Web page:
The Liberals’ review of Chinese-Australian voters betrays more blind spots

Jan 4, 2023
Chinese Australians, Australia Day

The Liberal Party’s problem with Chinese-Australian voters became apparent after its loss in the May 2022 federal election. Post-election number-crunching reveals that in 15 seats with large concentrations of Chinese-Australian voters, the swing against the Liberals was 6.6 percent, in contrast to 3.7 percent in other seats.

And for those who were still not convinced that the Liberals’ anti-China rhetoric would lead to a significant loss of Chinese-Australian voters, the result of the state election in Victoria in November 2022 finally drove the message home. In that election, Labor succeeded in retaining the marginal seats of Box Hill and Ashwood, and also gained Glen Waverley, a previously Liberal seat. Tim Smith, the retiring Liberal candidate for Kew told Skynews audiences on election night that the Liberals’ loss was partly down to some Chinese voters, who had clearly taken the Liberals’ anti-China politics “personally.”

The view that the Liberal Party has a China problem became official in December 2022, when the Party released its internal review of the federal election. A couple of paragraphs from the review make interesting reading. According to the report, one of the myriad reasons contributing to the Liberals’ loss was:

A perception the previous Government’s criticisms of the CCP government of China included the wider Chinese community more generally. This was obviously incorrect but the Party’s political opponents pushed this perception among voters of Chinese heritage in key seats in 2022.

In response to this “incorrect” perception, the review states that “there is a particular need for the Party’s representatives to be sensitive to the genuine concerns of the Chinese community and to ensure language used cannot be misinterpreted as insensitive.”

A few erroneous assumptions are implicit in this assessment, as well as in the public statements made by some Liberal politicians in recent months.

First, the Liberals’ criticisms of the CCP government of China did include the wider Chinese community. This is not just a perception; it is a fact. For evidence, we need to look no further than the comments made by various Liberal politicians. Eric Abetz’s insistent request to the three Chinese Australians to denounce the Chinese Communist Party at the infamous Senate Inquiry is a most chilling example.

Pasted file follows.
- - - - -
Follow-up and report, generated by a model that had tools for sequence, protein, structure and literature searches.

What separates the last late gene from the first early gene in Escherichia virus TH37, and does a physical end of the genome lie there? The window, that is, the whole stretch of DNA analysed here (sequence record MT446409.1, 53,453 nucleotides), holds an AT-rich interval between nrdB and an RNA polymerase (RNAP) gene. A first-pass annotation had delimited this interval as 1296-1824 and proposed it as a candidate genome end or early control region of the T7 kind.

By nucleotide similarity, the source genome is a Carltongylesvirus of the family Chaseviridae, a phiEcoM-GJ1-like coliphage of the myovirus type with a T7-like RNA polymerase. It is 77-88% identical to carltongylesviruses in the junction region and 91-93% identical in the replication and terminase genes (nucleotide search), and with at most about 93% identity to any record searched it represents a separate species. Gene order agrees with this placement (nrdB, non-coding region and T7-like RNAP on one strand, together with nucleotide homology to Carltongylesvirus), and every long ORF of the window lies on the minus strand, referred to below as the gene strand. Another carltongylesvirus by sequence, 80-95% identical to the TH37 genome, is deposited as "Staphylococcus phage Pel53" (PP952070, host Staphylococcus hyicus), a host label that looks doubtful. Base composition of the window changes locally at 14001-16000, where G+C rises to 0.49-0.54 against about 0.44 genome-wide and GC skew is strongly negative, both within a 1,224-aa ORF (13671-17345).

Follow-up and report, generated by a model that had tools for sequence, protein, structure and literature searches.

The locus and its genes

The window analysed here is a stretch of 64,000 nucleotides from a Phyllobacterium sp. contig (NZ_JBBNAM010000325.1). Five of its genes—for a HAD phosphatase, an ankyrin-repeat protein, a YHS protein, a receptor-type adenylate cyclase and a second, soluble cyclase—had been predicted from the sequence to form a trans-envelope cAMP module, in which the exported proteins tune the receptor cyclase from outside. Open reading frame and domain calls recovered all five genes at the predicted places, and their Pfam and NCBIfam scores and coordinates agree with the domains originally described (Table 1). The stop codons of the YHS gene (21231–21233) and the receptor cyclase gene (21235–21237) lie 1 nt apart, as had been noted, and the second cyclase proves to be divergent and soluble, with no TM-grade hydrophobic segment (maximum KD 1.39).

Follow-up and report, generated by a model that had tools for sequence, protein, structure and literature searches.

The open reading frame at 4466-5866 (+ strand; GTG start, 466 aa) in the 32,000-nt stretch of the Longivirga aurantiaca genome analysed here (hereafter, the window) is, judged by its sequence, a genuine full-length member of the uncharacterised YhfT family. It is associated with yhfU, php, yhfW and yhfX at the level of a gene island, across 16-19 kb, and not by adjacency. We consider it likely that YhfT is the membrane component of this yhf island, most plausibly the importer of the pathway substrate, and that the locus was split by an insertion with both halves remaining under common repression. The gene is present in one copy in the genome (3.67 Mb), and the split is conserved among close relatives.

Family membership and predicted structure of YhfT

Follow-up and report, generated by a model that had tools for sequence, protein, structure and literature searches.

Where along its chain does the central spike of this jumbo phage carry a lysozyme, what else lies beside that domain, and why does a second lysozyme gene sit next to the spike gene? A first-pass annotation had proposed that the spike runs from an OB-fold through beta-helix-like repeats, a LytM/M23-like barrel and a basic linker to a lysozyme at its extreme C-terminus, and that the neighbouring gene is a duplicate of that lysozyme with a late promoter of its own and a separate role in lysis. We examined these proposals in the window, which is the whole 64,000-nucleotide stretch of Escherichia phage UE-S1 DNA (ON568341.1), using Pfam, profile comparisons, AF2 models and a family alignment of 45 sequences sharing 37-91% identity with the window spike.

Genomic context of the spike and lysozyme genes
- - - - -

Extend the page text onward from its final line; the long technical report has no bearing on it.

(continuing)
And you’d be wrong to assume that this position was limited to only a few individuals in the Liberal Party who are prone to extreme views. Questioning of Chinese-Australians’ loyalty can be much more subtle and insidious. In 2020, while announcing a grant scheme aiming to improve English literacy for migrants, Alan Tudge, Australia’s then acting Immigration Minister, observed with regret that some communities were still seen by their former countries as “their diaspora,” whereas he would like to see Australia’s migrants as “proud Australians.” Tudge did not mention any particular country, but as one journalist reporting on the announcement observed, he was referring to China. What seems to be implicit in his remark is that a Chinese migrant has to choose between being a member of a “diaspora” and being an “Australian.” To Tudge, either refusing to choose or failing to choose “correctly” would not be an acceptable option.

The review seems to make clear that the Liberal Party sees its election loss as not so much due to its position on China per se, but to the “incorrect” perception held by some Chinese Australians. In other words, Chinese-Australians were seen to be the problem; they were susceptible not only to the influence of the Chinese Communist Party but also to the political influence of the Liberals’ political “opponents”. Furthermore, as Tudge seems to imply, they were unable to tell the difference between the Liberals’ stance on China and its attitude towards Chinese-Australians. In other words, previously, it was mainly their loyalty that was questionable; now it seems that they were also gullible and incapable of forming their own judgements.